Middle East Crisis: Is US Part of the Problem?
We are presently witnessing in Lebanon the third humanitarian disaster in which US President George W. Bush has had a direct or indirect hand. In Iraq over 50,000 are dead and dying thanks to Bush’s decision to invade and occupy the country in 2003, without a sufficient number of troops necessary to secure the country.
In New Orleans, the administration’s incompetent preparation and slow response exacerbated the humanitarian crisis. And now hundreds of innocent people are dying in a war in Lebanon that could be stopped by the international community if it were not handcuffed by the Bush administration. We may recall that Israel failed to undermine a much weaker Hizbullah even after 18 years of warfare and occupation of Southern Lebanon. Why expect success now?
The United States has so far achieved only two things since the Lebanese conflict began on July 12 – indeed in the month since the kidnapping of an Israeli soldier prompted Israel to unleash its ruthless war machine.
One, it has acted to ensure that no effort by the international community would succeed in stopping the mayhem in Lebanon. Three times the US has subverted the processes of peace, at the United Nations, at the Group of Eight summit and at the Rome conference.
Two, even during the conflict, instead of working toward peace, we are arming one side with rockets and powerful bombs which, in the words of Lebanese Prime Minister Fouad Siniora, are “cutting Lebanon to pieces.” We are even smuggling these weapons through Britain, somewhat like Iran smuggling weapons to Hizbullah via Syria. Unlike Syria, however, Britain is protesting. The administration claims that the Rome conference helped build a consensus for an international force to prevent future crisis. For those of us familiar with the history of the conflict, we know that it was only because of Israeli and American opposition that there is no real international force already in the area capable of policing the borders and keeping all parties peaceful. What US Secretary of State Condoleezza Rice means by consensus is that finally Washington has agreed with the rest of the world on one issue involving Israel.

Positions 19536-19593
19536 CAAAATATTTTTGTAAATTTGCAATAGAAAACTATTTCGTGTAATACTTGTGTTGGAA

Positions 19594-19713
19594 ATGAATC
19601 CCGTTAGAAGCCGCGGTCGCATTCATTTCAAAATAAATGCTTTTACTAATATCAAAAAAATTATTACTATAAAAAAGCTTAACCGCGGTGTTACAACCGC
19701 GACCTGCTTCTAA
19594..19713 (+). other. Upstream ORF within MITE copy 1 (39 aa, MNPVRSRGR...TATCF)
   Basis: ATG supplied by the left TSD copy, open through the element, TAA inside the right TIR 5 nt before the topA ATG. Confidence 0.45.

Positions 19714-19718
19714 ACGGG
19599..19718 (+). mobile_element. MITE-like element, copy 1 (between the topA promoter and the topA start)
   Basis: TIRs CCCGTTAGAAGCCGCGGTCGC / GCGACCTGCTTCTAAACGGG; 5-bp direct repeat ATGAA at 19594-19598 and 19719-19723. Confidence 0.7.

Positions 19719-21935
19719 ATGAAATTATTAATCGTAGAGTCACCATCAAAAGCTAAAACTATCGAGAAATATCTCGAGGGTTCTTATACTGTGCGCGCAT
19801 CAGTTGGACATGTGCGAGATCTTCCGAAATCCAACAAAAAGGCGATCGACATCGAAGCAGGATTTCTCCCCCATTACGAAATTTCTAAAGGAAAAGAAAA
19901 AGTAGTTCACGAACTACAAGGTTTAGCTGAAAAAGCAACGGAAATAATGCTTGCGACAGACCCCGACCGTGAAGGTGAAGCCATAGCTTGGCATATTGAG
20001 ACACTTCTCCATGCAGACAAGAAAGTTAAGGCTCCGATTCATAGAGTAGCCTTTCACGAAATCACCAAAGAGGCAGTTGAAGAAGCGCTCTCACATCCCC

This strategy of American foreign policy to arm, encourage and support extended and open-ended Israeli military action, I am convinced, will fail miserably in realizing its goals. By the time the Israelis finish in Lebanon it will be a pile of debris with perhaps 1,000 innocent civilians dead and over 1 million homeless and displaced. All other major US goals in the region – democracy promotion, support for moderates, winning hearts and minds, undermining support for radicalism – will also be buried under the debris.
Hizbullah fighters will be regrouping to fight another day with more men, more support, thanks to the elevated levels of anti-US and anti-Israeli sentiment across the Middle East, and perhaps more deadlier weapons. They will also be more confident and experienced after their current showing. From their performance it is apparent that they are the best fighting force the Arabs have produced in a long time.
I see no light at the end of the tunnel except wishful thinking that Hizbullah will be destroyed and the rest of the world will send their soldiers to defend Israel. It is like the neocon pipe dream of Americans being received as liberators by Iraqis. After seeing the current form of Hizbullah, I will be surprised if any country will volunteer its forces. If Bush decides to send our troops, the party will move from Iraq to Lebanon. For Al-Qaeda and the jihadists, it will be like a “buy one, get one free deal,” with the US and Israel together in the same fight.
The US up to now has said it will not talk to Syria or Iran because they are “part of the problem.” From the steps taken so far, it is not clear to me that American foreign policy is part of the solution.
Remember that when Israel invaded Lebanon in 1982, Hizbullah was born. It is scary to imagine what the current fighting will yield. American foreign policy is in wrong hands and is heading in the wrong direction. It is not in the interest of global peace, not good for America’s many interests in the Middle East and will not make Israel safer.
What is true for Spiderman is also true for the US–with great power comes great responsibility. As the sole superpower, the US has responsibility to maintain the global order and nurture the international system, not become a destabilizing force. American foreign policy is a global public good and by acting in a highly partisan and shortsighted fashion in the current Arab-Israeli conflict we are abdicating our status as a global leader.
Muqtedar Khan is a Fellow at the Institute for Social Policy and Understanding. He is also Assistant Professor at University of Delaware and a Nonresident Fellow at the Saban Center for Middle East Policy at the Brookings Institution. He is the author of Jihad for Jerusalem  and most recently Islamic Democratic Discourse .
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